During earlier times before modernisation, local hardwoods such as the coconut tree were used to create a variety of items that range from simple household utensils to boats.
Maldives divides carpentry into two types—thedhui vadaan and kissaru vadaan. House building and making wooden furniture is locally known as thedhui vadaan, while kissaru vadaan is the carpentry involved in the building of dhoni, the Maldivian boat. Dhoni resembles the Arabian sailing vessel, dhow, and is the oldest known sea vessel in the country. The carpenters who build boats are called kissaru vadin.
The traditional kissaru vadaan does not involve any blueprints or plans. But rather, a head carpenter gives out instructions and measurements to the other carpenters. Around right carpenters are usually involved in the process and it takes around eight to 12 months to complete a boat. The traditional boat building material is coconut palm timber. And the height of the tree determines the length of the boat. Distinctive features of the dhoni include a raised bow and a curved tiller arm. Nowadays, imported timber and materials such as fiberglass are used in boat building, and blueprints and plans are also followed. Alifushi in Raa Atoll and Velidhoo in Noonu Atoll are well known for boat building. Miniature versions of the traditional dhoni can be found at souvenir shops.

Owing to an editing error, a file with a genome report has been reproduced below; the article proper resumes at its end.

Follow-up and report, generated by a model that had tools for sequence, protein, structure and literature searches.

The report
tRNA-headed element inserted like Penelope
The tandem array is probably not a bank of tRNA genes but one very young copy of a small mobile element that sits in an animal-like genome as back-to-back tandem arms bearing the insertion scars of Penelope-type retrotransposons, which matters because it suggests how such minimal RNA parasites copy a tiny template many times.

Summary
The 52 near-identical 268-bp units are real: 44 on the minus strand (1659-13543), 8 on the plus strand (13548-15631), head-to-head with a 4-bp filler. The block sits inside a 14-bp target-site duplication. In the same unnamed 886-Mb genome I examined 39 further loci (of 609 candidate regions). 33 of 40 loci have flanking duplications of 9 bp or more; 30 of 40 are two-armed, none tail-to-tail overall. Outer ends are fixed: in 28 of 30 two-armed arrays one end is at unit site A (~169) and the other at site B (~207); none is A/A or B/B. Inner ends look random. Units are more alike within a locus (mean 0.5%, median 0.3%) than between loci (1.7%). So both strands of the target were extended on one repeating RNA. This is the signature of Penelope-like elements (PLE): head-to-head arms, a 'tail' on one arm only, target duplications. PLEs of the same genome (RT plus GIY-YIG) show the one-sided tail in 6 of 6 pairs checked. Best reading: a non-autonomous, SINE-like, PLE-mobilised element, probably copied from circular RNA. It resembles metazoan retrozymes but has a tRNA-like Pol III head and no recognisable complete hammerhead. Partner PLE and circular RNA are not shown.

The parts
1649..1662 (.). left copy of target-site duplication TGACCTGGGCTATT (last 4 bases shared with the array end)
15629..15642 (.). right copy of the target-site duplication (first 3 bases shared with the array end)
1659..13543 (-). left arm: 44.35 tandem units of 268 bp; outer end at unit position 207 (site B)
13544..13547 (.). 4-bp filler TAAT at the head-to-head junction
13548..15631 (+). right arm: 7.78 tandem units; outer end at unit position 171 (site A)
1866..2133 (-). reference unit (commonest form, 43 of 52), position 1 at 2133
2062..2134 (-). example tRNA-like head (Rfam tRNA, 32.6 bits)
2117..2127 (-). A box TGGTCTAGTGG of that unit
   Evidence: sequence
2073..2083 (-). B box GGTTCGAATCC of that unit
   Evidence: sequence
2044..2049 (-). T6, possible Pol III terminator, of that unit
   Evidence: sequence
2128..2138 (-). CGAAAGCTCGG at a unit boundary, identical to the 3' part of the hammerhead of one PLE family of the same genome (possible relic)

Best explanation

The art of wood carvings is said to have originated out of necessity. Before import and export, wood carving was used to produce a range of household items such as spoons and bowls. Visitors can view decorative wood carvings inside mosques such as the Friday Mosque and Islamic Centre in Male’ the capital. The carvings depict intertwining patterns and Arabic calligraphy. The Islamic Centre exhibits some of the finest samples of Maldivian modern calligraphy. Wood carving is also now used to produce a range of souvenir items such as vases, jewellery boxes, and wooden animals such as turtles.